by Catherine Caulfield
It was common in my days as a nurse in London, to care for elderly men and women who lived alone. I worked on a ward specialising in Orthopaedics and Trauma, which meant that we received patients who had fallen and sustained broken bones. The area surrounding the hospital was quite socially deprived. As a result, our admissions where primarily those suffering with mental health issues and addiction; who had suffered an injury or accident.
One of the cases I remember extremely well was of an elderly man. He was an alcoholic and lived alone. He had fallen and broken his hip. For the purpose of this story, I will name this patient James.
The story of James
James was very agitated, physically and verbally abusive – a common side effect of withdrawal from alcohol. It would usually take a few days and sometimes weeks for withdrawal and detox to come full circle. But, as a result of prolonged alcohol and drug use, James continued to behave with agitation even after “drying out”.
I’ve seen this happen many times, as the person’s brain and liver has suffered the physical consequences of long periods of poisoning.
James had surgery to correct the injury on his hip, and as expected was even more agitated as a result of the anaesthesia, medications, pain relief and immobility. He was very difficult to care for and make comfortable, especially at night and even more so when a full moon came around! There’s a reason the word “lunatic” comes from the moon (Luna).
He would climb over the railings of the bed, which were in place to protect him from falling. He shouted abuse to the patients beside him, and could be very distressing for many experiencing their own illnesses and injuries.
How a „tough guy“ defies his environment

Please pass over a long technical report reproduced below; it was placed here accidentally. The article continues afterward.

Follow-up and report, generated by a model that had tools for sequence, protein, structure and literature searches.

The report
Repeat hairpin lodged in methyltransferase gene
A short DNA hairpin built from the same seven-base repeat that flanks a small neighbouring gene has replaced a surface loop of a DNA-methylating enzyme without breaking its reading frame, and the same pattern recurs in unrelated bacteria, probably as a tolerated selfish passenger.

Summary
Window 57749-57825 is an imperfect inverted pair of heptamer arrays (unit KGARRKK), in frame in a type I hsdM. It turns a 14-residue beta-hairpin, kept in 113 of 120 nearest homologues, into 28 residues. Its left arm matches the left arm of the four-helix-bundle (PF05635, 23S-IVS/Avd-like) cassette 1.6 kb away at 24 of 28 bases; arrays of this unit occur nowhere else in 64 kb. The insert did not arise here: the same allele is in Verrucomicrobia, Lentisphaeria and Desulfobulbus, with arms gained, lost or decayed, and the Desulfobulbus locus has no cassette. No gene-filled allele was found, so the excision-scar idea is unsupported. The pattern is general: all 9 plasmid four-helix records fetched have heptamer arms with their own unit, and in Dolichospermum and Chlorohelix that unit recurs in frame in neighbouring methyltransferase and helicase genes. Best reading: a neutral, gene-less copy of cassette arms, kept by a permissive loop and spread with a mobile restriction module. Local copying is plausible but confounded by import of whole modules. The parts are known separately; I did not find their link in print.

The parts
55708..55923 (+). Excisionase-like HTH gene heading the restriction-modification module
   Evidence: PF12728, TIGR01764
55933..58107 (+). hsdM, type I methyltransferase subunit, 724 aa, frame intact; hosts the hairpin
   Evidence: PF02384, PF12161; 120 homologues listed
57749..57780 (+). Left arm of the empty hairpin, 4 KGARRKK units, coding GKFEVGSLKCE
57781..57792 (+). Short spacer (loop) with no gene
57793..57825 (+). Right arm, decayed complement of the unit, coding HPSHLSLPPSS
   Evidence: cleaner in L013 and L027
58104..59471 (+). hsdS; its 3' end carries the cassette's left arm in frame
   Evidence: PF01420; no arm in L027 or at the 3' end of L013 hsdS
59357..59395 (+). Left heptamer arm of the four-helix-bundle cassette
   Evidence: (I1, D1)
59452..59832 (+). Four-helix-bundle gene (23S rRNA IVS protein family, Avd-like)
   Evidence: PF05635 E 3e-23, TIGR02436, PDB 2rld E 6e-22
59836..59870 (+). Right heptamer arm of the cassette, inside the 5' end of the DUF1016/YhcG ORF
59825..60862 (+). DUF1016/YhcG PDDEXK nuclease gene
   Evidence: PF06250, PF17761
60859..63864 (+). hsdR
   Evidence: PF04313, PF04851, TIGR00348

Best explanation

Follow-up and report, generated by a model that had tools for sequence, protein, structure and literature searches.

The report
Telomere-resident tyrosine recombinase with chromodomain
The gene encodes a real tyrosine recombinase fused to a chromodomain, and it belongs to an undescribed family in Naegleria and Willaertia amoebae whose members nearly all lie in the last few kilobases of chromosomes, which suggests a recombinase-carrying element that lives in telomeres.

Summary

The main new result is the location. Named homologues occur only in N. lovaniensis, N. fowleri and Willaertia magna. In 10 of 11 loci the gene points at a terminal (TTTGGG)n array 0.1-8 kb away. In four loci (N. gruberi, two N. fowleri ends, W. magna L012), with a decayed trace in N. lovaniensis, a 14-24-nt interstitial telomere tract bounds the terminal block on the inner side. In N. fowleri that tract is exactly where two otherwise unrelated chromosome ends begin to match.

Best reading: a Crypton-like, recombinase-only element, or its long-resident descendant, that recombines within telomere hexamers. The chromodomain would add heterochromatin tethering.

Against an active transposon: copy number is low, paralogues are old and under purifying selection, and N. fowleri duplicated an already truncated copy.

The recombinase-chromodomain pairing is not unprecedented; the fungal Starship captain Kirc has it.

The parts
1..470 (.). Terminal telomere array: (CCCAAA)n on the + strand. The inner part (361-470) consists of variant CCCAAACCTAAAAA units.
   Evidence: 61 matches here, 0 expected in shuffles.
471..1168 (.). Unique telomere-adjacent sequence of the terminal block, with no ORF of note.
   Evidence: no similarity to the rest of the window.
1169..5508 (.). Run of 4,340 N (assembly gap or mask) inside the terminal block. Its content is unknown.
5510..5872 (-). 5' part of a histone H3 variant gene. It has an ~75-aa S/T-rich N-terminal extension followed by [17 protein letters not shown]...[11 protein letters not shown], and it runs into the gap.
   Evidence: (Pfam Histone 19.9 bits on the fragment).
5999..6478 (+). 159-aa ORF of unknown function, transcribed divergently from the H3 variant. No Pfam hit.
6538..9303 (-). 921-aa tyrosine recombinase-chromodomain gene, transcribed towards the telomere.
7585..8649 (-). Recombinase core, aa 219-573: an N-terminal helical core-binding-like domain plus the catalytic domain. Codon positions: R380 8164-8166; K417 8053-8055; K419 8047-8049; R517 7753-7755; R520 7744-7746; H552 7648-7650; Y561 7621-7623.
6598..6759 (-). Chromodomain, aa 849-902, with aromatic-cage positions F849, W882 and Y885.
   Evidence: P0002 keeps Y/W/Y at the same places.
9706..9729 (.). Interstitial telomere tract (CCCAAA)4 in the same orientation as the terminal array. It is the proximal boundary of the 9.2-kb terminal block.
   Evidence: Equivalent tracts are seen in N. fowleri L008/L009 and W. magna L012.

James kicked, punched, hit out; despite us talking to him kindly, explaining and communicating to him with care. There was a mean streak in James’ eyes, a glint of mischief; like he knew he was causing trouble and he liked it. It was clear he had grown to be hard around the edges. Maybe it was his way of looking for attention. Unfortunately, he soon lost the patience and trust of everyone!
It took longer than usual for James to heal after surgery, but eventually, when it was safe to do so; we moved him from the bed, onto a mattress on the floor to lessen the impact of his spontaneous movements. This was to reduce the possibility of him hurting himself again.
A week or two later, after working on nights with James, I was exhausted mentally, emotionally and physically. I went home after my final night and started thinking about how I could meet him at his level and break his pattern of destruction!
„We’re going to have fun today James.“
A few days later, renewed with energy, I decided what I was going to do. I bounced onto the ward early in the morning, to be met with the mischievous gaze of James sitting up on his mattress on the floor. He gave me his crooked smile. As frustrating as he was, his spirit made me laugh.